Top targeted statewide races in which NEA and its state-level affiliates conducted aggressive member-to-member field and communications program include:
- Wisconsin governor-elect Tony Evers, an educator at the top of a state ticket and defeated Gov. Scott Walker
- Republican Brad Little, who has been elected the next Idaho governor
- Governor-elect J.B. Pritzker, who defeated incumbent Illinois Gov. Bruce Rauner
- Kansas governor-elect Laura Kelly
- Michigan governor-elect Gretchen Whitmer
- Minnesota governor-elect Tim Walz, a career-teacher and a member of Education Minnesota, NEA’s state-level affiliate
- Minnesota auditor-elect Julie Blaha, an educator and member of Education Minnesota, NEA’s state-level affiliate
- New Mexico governor-elect Michelle Lujan Grisham
- New Mexico land commissioner-elect Stephanie Garcia Richard, a member of NEA-New Mexico
- Tom Wolf (D-Penn.) was re-elected to a second term
NEA and its affiliates worked to flip the state legislative chambers into pro-public education majorities like:
- Colorado state senate
- Connecticut state senate
- Maine state senate
- Minnesota state house
- New Hampshire house and senate
- New York state senate
The following ballot initiatives were top priorities for NEA and its affiliates:
- Maryland Question 1, which creates a “lockbox” for gaming revenue dedicated solely for K-12 education funding and has the potential to generate approximately $500 million annually in new funding for Maryland’s public schools. NEA’s affiliate, the Maryland State Education Association, worked with a broad-based coalition to get lawmakers to refer the amendment to the ballot. The Republican governor, Larry Hogan, and all but two Republican legislators supported referring this amendment to the ballot.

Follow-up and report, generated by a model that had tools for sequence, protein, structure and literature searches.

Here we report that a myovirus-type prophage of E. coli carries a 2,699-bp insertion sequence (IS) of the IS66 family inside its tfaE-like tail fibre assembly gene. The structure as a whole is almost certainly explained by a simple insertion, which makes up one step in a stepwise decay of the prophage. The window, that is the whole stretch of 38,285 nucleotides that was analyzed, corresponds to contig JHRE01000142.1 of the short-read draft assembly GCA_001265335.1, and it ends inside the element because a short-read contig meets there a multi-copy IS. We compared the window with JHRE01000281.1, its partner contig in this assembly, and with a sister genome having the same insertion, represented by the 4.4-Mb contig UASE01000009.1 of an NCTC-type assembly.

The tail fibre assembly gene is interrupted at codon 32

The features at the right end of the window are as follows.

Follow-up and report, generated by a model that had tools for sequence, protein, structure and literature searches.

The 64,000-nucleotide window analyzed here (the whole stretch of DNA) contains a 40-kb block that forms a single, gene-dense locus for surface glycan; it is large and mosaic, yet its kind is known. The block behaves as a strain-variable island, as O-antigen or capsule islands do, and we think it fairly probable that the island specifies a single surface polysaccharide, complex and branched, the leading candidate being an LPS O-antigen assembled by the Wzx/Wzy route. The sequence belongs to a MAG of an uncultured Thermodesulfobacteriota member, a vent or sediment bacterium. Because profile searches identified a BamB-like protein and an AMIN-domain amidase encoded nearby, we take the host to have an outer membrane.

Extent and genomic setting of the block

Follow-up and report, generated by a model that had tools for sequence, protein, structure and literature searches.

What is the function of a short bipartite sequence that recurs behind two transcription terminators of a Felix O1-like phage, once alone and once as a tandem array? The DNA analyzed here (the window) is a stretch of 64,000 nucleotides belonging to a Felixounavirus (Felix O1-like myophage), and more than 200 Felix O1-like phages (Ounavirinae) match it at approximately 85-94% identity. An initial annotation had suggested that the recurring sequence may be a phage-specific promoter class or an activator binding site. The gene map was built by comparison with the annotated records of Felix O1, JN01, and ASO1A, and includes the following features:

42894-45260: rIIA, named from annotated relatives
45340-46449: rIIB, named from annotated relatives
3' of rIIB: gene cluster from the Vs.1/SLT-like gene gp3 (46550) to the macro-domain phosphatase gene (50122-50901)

- Missouri Amendment 1, which is positioned to clean up Missouri’s political system, long-plagued by ethics corruption, and create a fair representation system. The passed ballot measure imposes contribution limit, bans revolving-door lobbying and lobbyist gifts and imposes redistricting reform. The Missouri-NEA was an early leader and driving force of the state-level coalition that worked to get the initiative on the ballot.
- Montana LR-128, which is an education funding levy for Montana’s universities that is up for statewide renewal every 10 years. NEA’s affiliate, the Montana Public Employees Association, was a major driver of the $6 million-levy reaching the ballot.
“Educators have had enough of empty promises from politicians. We told them we’d remember in November, and educators keep their promises,” added Eskelsen García. “As a result of the historic #RedForEd movement and the 2018 midterm election, educators have found their voice, and they are going to continue to hold lawmakers accountable after this election.”